North Korea used the nerve agent VX to assassinate the estranged half-brother of the reclusive nation’s leader Kim Jong Un, the State Department said.
The State Department said it imposed further sanctions on North Korea this week in response to the killing of Kim Jong Nam last year at the Kuala Lumpur airport in the Malaysian capital.
More:Who was Kim Jong Nam, half-brother of N. Korean dictator Kim Jong Un?
Malaysian police said last month that preliminary tests revealed that VX was used in the killing. North Korea denies any involvement in Kim Jong Nam’s death.
“The United States strongly condemns the use of chemical weapons to conduct an assassination,” the State Department said in the statement Tuesday.
“This public display of contempt for universal norms against chemical weapons use further demonstrates the reckless nature of North Korea and underscores that we cannot afford to tolerate a North Korean WMD (weapons of mass destruction) program of any kind,” the statement said.
Kim Jong Nam was the eldest son of former North Korean leader Kim Jong Il, who died in 2011. At one point he was considered the heir to rule the country. After falling out of favor with his father, he moved to the Chinese gambling mecca of Macau, where he lived in exile. He was returning home via Kuala Lumpur when he was killed on Feb.13, 2016.
Two women are on trial for the murder — Indonesian Siti Aisyah and Doan Thi Huong, a Vietnamese national. They are accused of smearing Kim Jong Nam’s face with a tasteless, odorless liquid that killed him hours later.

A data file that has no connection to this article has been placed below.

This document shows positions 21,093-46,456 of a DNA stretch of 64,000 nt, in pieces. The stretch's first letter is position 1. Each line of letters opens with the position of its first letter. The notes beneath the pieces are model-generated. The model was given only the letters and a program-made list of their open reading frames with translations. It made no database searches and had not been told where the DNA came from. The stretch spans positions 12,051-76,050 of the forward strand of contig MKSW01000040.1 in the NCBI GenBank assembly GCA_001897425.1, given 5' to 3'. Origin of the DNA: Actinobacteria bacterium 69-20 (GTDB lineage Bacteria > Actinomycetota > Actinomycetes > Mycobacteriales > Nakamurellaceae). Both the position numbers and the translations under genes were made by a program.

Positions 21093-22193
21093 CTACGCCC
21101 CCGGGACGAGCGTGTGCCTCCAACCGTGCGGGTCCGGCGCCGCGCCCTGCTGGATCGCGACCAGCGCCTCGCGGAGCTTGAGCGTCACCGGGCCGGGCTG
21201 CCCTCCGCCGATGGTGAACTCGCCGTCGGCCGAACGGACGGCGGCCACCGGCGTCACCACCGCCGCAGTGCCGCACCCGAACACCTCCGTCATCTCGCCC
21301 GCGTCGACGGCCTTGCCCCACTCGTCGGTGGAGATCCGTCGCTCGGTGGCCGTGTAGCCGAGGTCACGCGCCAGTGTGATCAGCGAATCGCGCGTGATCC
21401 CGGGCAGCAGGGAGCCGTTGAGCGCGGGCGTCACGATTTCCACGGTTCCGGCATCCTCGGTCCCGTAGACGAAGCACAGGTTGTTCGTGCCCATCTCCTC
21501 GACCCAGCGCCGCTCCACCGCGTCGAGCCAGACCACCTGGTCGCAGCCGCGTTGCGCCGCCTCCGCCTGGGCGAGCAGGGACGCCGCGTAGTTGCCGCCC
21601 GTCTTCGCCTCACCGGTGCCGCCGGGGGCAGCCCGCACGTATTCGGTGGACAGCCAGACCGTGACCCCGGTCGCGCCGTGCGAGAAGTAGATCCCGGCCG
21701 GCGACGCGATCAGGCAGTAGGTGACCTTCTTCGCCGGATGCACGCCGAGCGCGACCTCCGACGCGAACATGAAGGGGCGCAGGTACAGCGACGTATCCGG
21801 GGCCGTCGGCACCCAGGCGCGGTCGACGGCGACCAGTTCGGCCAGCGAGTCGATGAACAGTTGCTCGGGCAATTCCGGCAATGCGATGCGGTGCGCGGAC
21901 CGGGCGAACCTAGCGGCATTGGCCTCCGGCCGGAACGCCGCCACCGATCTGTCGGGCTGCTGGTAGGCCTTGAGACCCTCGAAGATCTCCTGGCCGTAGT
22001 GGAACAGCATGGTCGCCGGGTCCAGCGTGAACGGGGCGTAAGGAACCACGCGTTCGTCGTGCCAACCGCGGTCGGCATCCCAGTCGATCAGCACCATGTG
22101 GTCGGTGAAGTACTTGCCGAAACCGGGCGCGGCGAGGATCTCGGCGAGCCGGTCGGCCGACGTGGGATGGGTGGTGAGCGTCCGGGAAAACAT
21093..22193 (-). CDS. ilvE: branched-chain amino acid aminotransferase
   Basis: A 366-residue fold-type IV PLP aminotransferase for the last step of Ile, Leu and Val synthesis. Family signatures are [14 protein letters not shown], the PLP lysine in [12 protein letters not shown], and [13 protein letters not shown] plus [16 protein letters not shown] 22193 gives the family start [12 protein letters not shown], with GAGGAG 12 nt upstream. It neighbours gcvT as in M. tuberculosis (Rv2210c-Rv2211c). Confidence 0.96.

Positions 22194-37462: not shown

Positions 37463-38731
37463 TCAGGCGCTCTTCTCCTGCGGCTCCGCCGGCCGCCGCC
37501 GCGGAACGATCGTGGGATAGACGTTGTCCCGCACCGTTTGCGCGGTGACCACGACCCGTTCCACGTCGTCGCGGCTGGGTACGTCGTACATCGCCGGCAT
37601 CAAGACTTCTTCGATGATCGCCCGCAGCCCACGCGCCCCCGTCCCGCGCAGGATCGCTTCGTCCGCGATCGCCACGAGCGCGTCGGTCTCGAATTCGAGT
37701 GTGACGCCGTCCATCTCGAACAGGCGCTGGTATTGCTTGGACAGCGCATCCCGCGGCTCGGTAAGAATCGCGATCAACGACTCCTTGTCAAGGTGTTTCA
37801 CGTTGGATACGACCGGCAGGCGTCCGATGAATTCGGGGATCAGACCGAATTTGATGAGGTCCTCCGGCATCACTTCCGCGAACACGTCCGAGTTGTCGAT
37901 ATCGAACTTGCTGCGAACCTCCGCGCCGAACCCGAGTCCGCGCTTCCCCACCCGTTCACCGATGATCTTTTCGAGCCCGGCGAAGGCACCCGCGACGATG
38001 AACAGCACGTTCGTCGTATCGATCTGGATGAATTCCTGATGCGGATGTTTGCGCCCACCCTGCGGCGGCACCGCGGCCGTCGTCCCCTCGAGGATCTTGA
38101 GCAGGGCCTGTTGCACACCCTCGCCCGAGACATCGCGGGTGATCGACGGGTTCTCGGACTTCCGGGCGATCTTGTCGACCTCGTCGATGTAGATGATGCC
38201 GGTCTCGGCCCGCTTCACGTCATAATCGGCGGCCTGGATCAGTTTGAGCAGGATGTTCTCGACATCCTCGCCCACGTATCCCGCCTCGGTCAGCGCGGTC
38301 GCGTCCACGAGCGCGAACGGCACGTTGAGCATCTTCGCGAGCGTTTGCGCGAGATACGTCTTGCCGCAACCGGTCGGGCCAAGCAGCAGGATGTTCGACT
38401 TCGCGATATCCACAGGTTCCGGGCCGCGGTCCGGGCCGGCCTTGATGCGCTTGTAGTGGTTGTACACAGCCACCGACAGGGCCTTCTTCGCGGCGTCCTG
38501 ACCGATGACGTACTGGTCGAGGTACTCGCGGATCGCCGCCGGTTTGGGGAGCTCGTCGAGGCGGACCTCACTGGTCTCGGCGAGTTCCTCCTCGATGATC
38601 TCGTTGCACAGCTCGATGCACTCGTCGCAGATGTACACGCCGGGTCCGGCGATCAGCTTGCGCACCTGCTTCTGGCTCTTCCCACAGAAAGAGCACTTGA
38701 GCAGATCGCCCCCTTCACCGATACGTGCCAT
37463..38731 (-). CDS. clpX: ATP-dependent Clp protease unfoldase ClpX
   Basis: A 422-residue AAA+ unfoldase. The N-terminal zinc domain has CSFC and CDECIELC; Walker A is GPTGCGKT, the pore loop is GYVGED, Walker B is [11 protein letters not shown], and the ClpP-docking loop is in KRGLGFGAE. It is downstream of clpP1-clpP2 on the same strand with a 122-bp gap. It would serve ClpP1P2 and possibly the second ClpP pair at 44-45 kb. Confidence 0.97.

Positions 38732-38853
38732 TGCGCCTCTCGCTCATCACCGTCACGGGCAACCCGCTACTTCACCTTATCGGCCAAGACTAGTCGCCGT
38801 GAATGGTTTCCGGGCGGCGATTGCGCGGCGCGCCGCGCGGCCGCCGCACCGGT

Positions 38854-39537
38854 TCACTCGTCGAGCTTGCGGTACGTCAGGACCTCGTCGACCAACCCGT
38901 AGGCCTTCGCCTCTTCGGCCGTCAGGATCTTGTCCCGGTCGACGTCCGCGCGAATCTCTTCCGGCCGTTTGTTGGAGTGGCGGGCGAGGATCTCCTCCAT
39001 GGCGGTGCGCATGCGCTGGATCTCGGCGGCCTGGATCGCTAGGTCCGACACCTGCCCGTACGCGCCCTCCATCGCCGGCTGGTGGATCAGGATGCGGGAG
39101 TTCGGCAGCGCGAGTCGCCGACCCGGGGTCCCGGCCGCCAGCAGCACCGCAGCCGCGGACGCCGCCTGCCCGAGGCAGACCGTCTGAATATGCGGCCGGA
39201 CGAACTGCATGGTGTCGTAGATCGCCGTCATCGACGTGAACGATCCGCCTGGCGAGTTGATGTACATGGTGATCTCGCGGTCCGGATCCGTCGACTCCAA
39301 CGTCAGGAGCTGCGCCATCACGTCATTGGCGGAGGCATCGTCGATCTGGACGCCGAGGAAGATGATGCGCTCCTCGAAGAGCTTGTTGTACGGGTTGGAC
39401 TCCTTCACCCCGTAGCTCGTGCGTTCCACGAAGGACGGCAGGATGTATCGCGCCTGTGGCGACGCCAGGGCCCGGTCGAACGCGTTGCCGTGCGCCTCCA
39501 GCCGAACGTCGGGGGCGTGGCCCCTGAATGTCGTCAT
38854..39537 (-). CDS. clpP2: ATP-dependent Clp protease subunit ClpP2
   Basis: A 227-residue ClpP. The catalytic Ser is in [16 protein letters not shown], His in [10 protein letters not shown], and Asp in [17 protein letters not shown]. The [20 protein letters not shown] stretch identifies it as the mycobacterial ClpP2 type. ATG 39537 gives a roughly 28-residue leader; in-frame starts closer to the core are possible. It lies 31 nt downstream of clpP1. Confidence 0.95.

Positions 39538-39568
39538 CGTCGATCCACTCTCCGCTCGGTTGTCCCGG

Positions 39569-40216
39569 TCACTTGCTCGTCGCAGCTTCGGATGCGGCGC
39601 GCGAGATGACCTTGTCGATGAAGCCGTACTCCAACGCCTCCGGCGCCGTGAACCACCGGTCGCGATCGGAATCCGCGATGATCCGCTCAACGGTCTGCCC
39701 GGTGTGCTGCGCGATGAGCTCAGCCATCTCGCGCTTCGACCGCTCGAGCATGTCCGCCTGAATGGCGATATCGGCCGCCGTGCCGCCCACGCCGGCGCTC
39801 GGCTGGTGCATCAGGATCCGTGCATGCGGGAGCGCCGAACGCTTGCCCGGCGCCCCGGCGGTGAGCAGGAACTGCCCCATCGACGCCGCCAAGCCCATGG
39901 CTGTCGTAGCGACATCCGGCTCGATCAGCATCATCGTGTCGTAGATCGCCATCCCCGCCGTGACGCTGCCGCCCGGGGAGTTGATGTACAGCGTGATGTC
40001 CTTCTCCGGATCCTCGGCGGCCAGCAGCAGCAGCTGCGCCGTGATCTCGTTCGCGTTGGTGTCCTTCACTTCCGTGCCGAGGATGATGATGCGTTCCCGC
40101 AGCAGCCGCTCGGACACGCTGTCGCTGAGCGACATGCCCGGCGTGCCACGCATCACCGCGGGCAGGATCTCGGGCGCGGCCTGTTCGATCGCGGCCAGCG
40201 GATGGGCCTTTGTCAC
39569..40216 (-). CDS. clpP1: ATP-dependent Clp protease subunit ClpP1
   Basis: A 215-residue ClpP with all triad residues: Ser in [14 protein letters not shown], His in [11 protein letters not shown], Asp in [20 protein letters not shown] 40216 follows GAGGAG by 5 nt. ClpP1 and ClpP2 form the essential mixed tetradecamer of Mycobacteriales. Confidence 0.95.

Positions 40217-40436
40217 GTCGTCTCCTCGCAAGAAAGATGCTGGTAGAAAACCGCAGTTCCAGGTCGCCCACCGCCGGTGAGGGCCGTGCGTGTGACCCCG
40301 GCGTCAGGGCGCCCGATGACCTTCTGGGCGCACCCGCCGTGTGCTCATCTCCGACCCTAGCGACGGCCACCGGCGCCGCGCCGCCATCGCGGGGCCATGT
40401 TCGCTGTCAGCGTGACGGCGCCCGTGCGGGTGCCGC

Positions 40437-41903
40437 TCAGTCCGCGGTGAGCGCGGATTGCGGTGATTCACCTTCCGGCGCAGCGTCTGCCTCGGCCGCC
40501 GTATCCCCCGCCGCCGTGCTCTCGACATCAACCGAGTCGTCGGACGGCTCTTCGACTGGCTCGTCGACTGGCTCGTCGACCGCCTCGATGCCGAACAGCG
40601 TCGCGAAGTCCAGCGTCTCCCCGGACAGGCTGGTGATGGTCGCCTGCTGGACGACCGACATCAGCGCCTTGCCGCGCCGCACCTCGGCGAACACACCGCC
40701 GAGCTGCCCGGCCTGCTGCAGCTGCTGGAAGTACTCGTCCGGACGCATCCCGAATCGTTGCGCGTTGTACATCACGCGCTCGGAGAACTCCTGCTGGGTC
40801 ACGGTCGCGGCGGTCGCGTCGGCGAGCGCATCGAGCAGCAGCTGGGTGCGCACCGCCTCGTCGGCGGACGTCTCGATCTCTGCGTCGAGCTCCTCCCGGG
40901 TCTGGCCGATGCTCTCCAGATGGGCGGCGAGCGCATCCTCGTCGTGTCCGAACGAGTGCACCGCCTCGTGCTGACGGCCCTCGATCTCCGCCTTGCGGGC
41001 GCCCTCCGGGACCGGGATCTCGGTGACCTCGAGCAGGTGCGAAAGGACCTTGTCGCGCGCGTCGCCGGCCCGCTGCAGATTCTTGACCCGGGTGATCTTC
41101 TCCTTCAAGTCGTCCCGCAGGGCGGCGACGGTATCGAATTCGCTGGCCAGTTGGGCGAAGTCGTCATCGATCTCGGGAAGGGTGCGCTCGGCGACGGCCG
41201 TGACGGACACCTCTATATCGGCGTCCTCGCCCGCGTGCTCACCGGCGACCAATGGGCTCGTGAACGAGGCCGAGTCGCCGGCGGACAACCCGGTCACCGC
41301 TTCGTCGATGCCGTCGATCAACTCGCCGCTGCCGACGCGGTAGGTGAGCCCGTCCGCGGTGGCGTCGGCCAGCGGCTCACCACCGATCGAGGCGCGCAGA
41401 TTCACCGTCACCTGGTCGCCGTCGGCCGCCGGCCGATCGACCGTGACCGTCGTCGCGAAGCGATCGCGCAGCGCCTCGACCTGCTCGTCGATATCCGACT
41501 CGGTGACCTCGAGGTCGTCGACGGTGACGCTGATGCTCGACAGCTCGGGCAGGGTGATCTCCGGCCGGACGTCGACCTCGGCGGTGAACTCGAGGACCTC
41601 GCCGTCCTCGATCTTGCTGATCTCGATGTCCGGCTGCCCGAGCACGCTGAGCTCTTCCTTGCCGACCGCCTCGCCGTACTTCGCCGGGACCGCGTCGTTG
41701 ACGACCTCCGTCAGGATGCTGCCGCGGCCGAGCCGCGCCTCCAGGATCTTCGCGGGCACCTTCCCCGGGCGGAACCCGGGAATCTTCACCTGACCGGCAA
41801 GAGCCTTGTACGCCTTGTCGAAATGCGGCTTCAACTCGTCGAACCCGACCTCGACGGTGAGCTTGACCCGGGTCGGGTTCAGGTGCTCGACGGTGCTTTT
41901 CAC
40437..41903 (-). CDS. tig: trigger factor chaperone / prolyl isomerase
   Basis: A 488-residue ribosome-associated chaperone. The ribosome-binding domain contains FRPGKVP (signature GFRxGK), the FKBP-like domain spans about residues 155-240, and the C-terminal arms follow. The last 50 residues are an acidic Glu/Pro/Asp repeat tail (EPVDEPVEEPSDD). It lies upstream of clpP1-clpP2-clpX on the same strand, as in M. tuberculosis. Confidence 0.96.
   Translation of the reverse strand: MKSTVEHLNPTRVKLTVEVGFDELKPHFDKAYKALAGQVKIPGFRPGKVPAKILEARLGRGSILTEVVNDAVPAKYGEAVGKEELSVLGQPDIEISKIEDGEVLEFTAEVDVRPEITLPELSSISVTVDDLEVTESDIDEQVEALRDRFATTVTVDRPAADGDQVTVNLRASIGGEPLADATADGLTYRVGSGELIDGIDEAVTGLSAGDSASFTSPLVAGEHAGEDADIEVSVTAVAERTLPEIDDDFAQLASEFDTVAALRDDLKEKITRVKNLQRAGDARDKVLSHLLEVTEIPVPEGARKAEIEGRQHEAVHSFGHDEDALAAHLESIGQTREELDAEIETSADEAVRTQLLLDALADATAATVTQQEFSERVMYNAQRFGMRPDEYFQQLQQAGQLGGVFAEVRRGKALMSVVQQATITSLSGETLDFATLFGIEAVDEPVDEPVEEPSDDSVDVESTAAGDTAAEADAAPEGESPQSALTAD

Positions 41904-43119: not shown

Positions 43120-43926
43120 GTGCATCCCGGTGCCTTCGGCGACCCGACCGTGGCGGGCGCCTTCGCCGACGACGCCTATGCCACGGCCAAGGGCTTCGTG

Defense lawyers said the defendants thought they were acting as part of a prank for a reality TV show. Malaysian police counter that the two women knew what they were doing. Officials said four North Korean men who gave the nerve agent to the women fled the country soon after the killing.
North Korea said Tuesday it would agree to hold talks with the United States about its nuclear weapons program, and offered to suspend nuclear missile and weapons tests during the talks, South Korean authorities said. The move is a potential step toward resolving the nuclear standoff on the Korean Peninsula.
“There’s been a lot of news on that today, hopefully it’s positive,” Trump said Tuesday during a joint news conference with Swedish Prime Minister Stefan Löfven. “Hopefully it will lead to a very positive result.”
© 2018 USA Today
Visit USA Today at www.usatoday.com